Brock Johanson and Bonnie Anderson, Information Systems
Neuro Information Security (NeuroIS) focuses on the use of neurological measurements to improve the security of information systems. The BYU NeuroIS lab uses neurological tools and measurements to examine factors that affect security outcomes. Previous work has focused on various factors such as dual task interference (DTI), threat assessment, as well as factors such as habituation and generalization, which have become focus streams of research. The primary point of failure in most security related incidents tends to be users themselves. As such, anything that can be used to overcome neurobiological phenomenon such as those listed above can ultimately lead in better security outcomes. A primary point of failure is in adherence to security messages, which are often glossed over when users are in a hurry to complete another task, or interpreted as another ubiquitous system notification. DTI arises when a user must perform two tasks, a primary task and a secondary task concurrently. In DTI scenarios there is competition for cognitive resources, and the user’s primary task, which began before the warning was displayed, takes precedence and consequently the warning may not be adequately processed (Pashler 1994). A similarly compromising scenario occurs when users interpret security warnings, as “just another message” modeling the effects of habituation and generalization. Habituation occurs when something is seen frequently, and consequently given less importance in the user’s mind (Thompson and Spencer 1966). Generalization occurs when warnings, which are similar to previously viewed notifications or popups, are interpreted as being the same, and therefore treated the same as other notifications. Our research examines both of these phenomenon and their importance to security outcomes, generally focusing on adherence to security warnings.
DTI was studied using fMRI and different treatments administered by manipulating the order of a series of tasks given to subjects. One was high DTI and the other low DTI. Decreased activation of the medial temporal lobe (MTL) was observed in situations of high DTI (tasks were being completed concurrently). Increased activation of the MTL and improved response to security warnings was observed in situations of low DTI, when tasks were performed in sequence. The difference in adherence to security warnings between treatment groups was observed to be significant. A laboratory experiment, using notifications from a web browser corroborated these results, showing that optimally timing security messages, at points of low DTI in the browser, resulted in less disregard for security messages. Mouse cursor data was used to analyze engagement when interacting with security messages, with slower movements indicating greater attention paid to warnings. Decreased disregard of security messages was also found among the low DTI conditions, confirming findings from the fMRI study (Jenkins et al. 2016). A similar pattern was used examining habituation and generalization. Having previously observed the effect of habituation in the lab, an fMRI study was used to demonstrate that habituation occurs in the brain, in as few as two exposures, and can be combated by employing polymorphic variation, or warnings that physically alter their appearance. This is particularly important as it challenges the thoughts of designers and programmers, who strive for consistency, which may actually be making the task of communicating important messages to users more difficult to everyone, but can be combatted (Anderson et al 2016).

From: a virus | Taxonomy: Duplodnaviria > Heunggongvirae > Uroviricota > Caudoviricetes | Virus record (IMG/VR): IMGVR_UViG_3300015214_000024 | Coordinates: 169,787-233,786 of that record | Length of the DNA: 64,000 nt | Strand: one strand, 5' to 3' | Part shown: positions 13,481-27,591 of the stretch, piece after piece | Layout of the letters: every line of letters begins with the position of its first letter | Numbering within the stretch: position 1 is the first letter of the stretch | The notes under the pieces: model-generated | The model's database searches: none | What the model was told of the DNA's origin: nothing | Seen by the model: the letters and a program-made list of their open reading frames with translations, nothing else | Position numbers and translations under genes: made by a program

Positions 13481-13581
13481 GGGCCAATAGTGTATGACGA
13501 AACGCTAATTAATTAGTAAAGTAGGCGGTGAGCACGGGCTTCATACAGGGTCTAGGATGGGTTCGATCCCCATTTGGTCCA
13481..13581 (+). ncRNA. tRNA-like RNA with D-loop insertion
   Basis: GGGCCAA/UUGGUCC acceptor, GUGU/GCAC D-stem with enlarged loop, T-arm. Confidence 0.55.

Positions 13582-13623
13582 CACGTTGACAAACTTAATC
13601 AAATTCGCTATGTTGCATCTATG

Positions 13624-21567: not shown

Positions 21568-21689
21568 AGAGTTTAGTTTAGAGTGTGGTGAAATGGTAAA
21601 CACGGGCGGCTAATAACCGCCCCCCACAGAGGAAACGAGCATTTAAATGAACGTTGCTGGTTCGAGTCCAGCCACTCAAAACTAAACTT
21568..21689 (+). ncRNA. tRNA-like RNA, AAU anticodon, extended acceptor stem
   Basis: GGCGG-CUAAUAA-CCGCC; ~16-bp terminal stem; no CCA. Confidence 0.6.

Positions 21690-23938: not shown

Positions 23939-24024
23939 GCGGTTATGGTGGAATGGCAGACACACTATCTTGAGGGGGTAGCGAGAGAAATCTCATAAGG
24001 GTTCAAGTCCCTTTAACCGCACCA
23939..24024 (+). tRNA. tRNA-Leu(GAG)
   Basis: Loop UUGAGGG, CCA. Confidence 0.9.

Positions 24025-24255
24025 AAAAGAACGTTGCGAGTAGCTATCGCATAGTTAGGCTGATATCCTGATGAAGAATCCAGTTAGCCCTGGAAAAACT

The importance of the research is two fold. First and foremost, using the fMRI methods, we demonstrate that there are neurophysiological phenomenon occurring in the brain, for DTI, generalization, and habituation. This has implications in behavioral outcomes when given tasks in an experimental setting; but these outcomes are not exclusively observed in experimental settings. Although the initial fMRI studies provide a basis for further research, they are tool that helps us isolate potential threats to secure computing behavior, and recreate them in an appropriate context as we seek to focus on the real world implications of DTI, generalization and habituation. Second, the research that we do provides a means to combat the effects of these phenomenon, such as timing important notifications to when users are most likely to be idle, or varying the physical appearance of warnings when they are important to security outcomes.
- Jenkins, J., Anderson, B., Vance, A., Kirwan, B., Eargle, D. forthcoming, “More Harm than Good? How Security Messages that Interrupt Make Us Vulnerable,” Information Systems Research, Digital Vulnerabilities Special Issue, Published online August 2016.
- Thompson, R. F., and Spencer, W. A. “Habituation: A Model Phenomenon for the Study of Neuronal Substrates of Behavior,” Psychological Review (73:1), pp. 16-43, 1966.
- Pashler, H. “Dual-Task Interference in Simple Tasks: Data and Theory,” Psychological Bulletin, vol. 116, pp. 220-244, 1994.
- Anderson, Bonnie Brinton, et al. “From Warning to Wallpaper: Why the Brain Habituates to Security Warnings and What Can Be Done About It.” Journal Of Management Information Systems 33, no. 3, pp. 713-743. 2016.